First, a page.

Why Britain’s private schools have a moral duty not to support government schools
According to Anthony Seldon, head of Wellington College, Berkshire, fee-paying private schools have a “moral duty” to help run failing government schools in deprived areas. However private schools are right to question the wisdom of this approach.
First, it is important to remember that the government initially intervened in education in the late 19th century to help support the growth and development of education in deprived areas. However, instead of subsidizing parents and allowing them to choose between a variety of different schools, previous governments directed all public subsidies towards its own free schools, whilst neglecting and ignoring all private alternatives. This subsequently forced the closure of thousands of private and voluntary schools leaving only a small number of private schools to cater for families on a higher income.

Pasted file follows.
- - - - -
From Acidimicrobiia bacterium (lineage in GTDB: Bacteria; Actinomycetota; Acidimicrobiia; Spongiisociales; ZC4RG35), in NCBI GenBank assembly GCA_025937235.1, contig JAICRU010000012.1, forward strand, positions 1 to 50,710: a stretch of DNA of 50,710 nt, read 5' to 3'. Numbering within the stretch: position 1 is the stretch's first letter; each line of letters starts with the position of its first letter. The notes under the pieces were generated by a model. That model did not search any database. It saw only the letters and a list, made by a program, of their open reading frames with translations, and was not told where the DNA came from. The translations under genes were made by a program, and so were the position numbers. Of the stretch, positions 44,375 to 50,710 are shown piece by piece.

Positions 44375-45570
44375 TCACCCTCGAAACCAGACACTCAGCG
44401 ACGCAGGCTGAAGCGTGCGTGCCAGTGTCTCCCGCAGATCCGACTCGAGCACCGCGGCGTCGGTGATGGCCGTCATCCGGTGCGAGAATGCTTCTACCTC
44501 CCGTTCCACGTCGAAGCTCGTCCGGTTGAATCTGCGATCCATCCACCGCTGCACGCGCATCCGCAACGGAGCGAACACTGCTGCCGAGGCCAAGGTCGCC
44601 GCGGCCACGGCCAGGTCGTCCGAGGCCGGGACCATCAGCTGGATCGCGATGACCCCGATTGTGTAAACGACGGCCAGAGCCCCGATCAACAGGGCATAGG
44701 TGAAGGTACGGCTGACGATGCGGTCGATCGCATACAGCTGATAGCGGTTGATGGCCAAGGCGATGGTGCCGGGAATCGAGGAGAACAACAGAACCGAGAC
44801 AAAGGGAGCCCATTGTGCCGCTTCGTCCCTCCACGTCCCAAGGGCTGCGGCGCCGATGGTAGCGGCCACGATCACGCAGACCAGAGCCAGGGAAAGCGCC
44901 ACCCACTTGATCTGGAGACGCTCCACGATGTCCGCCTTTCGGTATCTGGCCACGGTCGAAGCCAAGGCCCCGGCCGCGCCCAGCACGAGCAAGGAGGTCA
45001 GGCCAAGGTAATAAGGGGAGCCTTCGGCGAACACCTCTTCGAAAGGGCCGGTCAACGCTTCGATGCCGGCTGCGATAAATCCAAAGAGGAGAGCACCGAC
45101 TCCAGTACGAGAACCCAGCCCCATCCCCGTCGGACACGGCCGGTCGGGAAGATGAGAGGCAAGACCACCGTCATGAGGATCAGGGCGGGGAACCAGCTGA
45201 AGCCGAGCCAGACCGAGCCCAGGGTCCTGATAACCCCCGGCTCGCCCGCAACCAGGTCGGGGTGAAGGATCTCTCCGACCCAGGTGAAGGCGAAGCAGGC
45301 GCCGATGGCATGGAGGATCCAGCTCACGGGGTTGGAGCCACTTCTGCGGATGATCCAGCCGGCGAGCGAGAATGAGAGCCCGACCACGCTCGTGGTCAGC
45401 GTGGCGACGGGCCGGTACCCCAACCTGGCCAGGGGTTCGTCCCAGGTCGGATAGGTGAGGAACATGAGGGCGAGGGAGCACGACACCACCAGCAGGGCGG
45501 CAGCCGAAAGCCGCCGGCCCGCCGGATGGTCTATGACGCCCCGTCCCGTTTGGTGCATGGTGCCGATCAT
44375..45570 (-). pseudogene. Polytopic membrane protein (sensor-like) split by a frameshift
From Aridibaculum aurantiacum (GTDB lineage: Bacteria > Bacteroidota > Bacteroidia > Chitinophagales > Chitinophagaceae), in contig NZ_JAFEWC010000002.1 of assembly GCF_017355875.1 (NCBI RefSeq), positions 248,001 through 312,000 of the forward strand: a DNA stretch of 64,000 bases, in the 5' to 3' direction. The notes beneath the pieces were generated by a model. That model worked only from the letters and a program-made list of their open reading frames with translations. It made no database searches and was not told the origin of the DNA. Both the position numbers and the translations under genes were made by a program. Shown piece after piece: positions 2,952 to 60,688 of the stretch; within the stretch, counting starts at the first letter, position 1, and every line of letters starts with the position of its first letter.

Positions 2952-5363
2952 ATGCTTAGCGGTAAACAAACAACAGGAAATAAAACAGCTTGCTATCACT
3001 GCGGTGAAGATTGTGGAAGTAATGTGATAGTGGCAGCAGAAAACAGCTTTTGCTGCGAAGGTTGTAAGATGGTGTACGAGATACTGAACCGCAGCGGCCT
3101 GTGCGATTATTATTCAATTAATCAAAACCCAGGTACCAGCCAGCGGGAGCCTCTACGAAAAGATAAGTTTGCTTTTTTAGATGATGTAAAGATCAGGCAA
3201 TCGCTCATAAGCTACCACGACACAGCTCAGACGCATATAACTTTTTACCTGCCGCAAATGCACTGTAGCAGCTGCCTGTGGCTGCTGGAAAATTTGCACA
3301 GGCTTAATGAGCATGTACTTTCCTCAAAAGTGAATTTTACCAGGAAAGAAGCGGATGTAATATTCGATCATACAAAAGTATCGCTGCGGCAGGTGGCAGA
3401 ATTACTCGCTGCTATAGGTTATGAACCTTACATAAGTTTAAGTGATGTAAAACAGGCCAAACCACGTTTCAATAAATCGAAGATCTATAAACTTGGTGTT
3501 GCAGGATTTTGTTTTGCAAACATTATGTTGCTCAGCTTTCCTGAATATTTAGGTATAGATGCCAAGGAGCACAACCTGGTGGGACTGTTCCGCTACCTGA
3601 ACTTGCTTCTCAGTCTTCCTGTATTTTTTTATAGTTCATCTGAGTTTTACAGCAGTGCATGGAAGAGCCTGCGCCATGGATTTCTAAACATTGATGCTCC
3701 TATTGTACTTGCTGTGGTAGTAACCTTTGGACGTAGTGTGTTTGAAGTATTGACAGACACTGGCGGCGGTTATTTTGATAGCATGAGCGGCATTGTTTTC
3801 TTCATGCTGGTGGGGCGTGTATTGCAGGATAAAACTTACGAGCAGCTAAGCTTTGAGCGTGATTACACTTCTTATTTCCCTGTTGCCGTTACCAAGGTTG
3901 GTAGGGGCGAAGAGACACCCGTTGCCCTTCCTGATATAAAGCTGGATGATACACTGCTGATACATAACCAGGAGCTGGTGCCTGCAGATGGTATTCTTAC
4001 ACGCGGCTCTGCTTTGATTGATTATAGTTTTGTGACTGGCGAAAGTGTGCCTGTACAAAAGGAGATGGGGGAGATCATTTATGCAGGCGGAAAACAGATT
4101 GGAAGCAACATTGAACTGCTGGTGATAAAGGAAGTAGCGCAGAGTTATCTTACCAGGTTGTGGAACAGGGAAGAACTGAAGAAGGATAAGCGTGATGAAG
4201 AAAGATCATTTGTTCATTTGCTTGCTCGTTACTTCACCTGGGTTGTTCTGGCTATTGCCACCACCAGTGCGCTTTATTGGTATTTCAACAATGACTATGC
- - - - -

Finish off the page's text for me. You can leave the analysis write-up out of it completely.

As a result, instead of focusing on the development of education in deprived areas, the government soon found itself attempting to manage and control the vast majority of schools serving both rich and poor alike. Unfortunately, any system of education which restricts the freedom of parents to choose will hit those on low incomes the hardest. While better off families can either move to the suburbs in search of a better school or purchase private tuition, those on low incomes who live in deprived areas are forced to accept their local government school, irrespective of how it performs. Government intervention has therefore had the opposite effect from the one that was originally intended.